Gamers is powered by Vocal creators. You support Aaron Dennis by reading, sharing and tipping stories... more

Gamers is powered by Vocal.
Vocal is a platform that provides storytelling tools and engaged communities for writers, musicians, filmmakers, podcasters, and other creators to get discovered and fund their creativity.

How does Vocal work?
Creators share their stories on Vocal’s communities. In return, creators earn money when they are tipped and when their stories are read.

How do I join Vocal?
Vocal welcomes creators of all shapes and sizes. Join for free and start creating.

To learn more about Vocal, visit our resources.

Show less

'The 7th Saga' for the SNES

A Retro Review

The 7th Saga is a turn based JRPG released for the SNES in 1993. The 7th Saga…? What happened to the first six sagas? Did I miss them? Were they on the NES? I’m kittening, of course….

The 7th Saga was a game I first saw when my uncle stumbled upon it at a flea market. Back then I must have been around 10 or 11, and I wasn’t too crazy about JRPGs, although Final Fantasy Mystic Quest had left a pretty big impression on me.

I recall what interested me the most about the game was the music. The 7th Saga has some of the coolest music you’ll find in any JRPG on the SNES; it’s epic, grounded, and very fitting. Once the music sucked me in, I began my own adventure and decided to go with Lejes Rimul… the alien of the bunch.

Yes, I’m pretty sure Lejes is the alien and not Wilme. The manual states that Wilme is the alien, and Lejes is the fire demon. Why then does Lejes have access to ice magic? Why does Wilme only get fire magic? Why does he attack with a flaming fist?

I read somewhere that there was a mix up in the translation from the original Japanese version, and Lejes is in fact the alien, but it doesn’t really matter; Lejes marches around like a boss!

The premise is that there are seven seven runes in the world of Ticondera. The king calls upon his finest warriors, warriors he trained, and that includes Kamil, the knight, Lejes, the alien, Wilme, the demon, Olvan, the dwarf, Lux, the TetuJin, Valsu, the wizard, and Esuna, the sorceress. No matter who you pick, you can team up with one of the other characters, and off you go in search of the runes.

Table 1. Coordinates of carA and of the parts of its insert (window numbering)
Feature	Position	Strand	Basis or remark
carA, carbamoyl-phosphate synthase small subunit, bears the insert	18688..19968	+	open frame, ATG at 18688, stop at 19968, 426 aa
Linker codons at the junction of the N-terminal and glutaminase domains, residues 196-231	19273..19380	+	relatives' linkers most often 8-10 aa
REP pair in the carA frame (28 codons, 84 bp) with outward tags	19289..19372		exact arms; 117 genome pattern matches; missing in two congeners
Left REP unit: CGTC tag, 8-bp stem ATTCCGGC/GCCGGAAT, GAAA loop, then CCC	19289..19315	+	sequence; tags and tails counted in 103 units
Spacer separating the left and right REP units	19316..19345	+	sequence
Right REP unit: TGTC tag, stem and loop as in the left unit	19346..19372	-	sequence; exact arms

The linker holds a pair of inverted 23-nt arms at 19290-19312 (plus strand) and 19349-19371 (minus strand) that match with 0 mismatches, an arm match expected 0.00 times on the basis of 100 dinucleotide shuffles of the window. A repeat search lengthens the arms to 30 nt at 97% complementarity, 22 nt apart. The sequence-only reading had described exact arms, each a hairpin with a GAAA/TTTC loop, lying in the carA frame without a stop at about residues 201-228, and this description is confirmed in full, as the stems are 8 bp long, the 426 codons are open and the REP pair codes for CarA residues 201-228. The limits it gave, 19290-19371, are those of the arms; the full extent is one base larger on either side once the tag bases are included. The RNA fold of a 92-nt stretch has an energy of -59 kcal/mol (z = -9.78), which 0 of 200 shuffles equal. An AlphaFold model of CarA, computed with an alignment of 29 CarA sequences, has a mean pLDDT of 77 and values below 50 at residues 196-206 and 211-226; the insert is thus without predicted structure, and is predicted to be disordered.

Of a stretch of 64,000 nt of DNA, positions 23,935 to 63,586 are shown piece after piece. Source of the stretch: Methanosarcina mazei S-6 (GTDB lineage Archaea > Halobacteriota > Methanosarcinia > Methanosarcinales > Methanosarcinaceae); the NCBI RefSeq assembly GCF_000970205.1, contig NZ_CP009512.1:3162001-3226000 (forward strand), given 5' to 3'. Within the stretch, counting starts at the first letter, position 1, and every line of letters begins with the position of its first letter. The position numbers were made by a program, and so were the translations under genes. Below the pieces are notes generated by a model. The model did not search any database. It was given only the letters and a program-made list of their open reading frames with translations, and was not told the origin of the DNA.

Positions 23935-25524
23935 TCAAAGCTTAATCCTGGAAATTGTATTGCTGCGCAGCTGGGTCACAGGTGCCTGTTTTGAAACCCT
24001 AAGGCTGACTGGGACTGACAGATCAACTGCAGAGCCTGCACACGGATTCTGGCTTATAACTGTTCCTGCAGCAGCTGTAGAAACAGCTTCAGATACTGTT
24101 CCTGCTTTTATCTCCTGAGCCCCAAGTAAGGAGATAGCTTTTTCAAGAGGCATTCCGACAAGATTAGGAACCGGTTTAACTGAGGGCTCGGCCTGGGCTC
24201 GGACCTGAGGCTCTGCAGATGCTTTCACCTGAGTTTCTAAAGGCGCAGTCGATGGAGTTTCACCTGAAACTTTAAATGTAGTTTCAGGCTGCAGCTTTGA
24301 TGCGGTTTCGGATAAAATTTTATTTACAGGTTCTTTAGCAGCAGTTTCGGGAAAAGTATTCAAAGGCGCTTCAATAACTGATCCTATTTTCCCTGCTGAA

Gathering all the runes allows the adventurer to make a wish, and it will be granted. While adventuring, you meet all sorts of people who need your help. You battle your way through dungeons, caves, and castles discovering lost treasure, ancient secrets, and lost civilizations.

The Good

This is far and away one of my favorite games on the SNES. As was mentioned, the music is phenomenal. The graphics and animation are quite good as well. The story is only mediocre and has very little to do with whatever is actually going on; you’re gathering the runes one way or another, and there’s very little you can do to change any outcome of the game.

Still, the story is adequate, and your adventure varies a bit based on who you pick as your hero. Another cool aspect is that the other adventurers will battle you from time to time, and if you have some of the runes, and you lose the battle, they will take the rune from you. Some of the adventurers may even steal the rune from you if you join up with them.

The Bad

Grinding. Yeah, you gamers know what I’m talking about. Grinding is the act of sitting there, fighting one enemy after another for the sole purpose of gaining experience points in order to level up and become more powerful.

I’ve read that some people beat the game at level 50 or under. That seems impossible to me. Maybe it’s because I always use Lejes, and, well, he kind of sucks for a long time because he’s rather average in all his abilities. Nevertheless, I probably spend a good 10 to 12 hours of total game play just mindlessly killing baddies in order to level up, so that I can survive, and usually beat the game around level 70 or 75.

On top of all that, you have to battle some of the other adventurers in the story, and the problem with that is that when you level, they level, and some of them get really strong really fast, making it nearly impossible to progress in the game.

I once got stuck having to battle Valsu as Lejes, and I could not win. Gaining levels wasn’t an option because I know that Valsu gets a very powerful spell, too.

That’s kind of a big flaw, but there are ways around it if you find the right companion, let your main character die, and then battle Valsu as the companion, but I shouldn’t have to do that!

Fortunately, that’s the worst of it. The 7th Saga is a game I love to pop in and play once a year or so. It has some serious nostalgic appeal, but maybe that’s just for me.

If you haven’t played it, I definitely recommend it. It’s just different enough from all the JRPGs of the time to keep most people interested. There aren’t too many riddles, and the townsfolk’s conversations are usually helpful—none of that “I am Error” crap, or “Do not look directly into the Death Star” BS; yeah, you know what I’m talking about.

I score it as a B+ game. There are better JRPGs like EarthBound or Lufia 2, but like those two games, The 7th Saga has uniqueness, so give it a try.

Thanks for reading and happy gaming!

Now Reading
'The 7th Saga' for the SNES
Read Next
Humans and AI: Where’s the Line?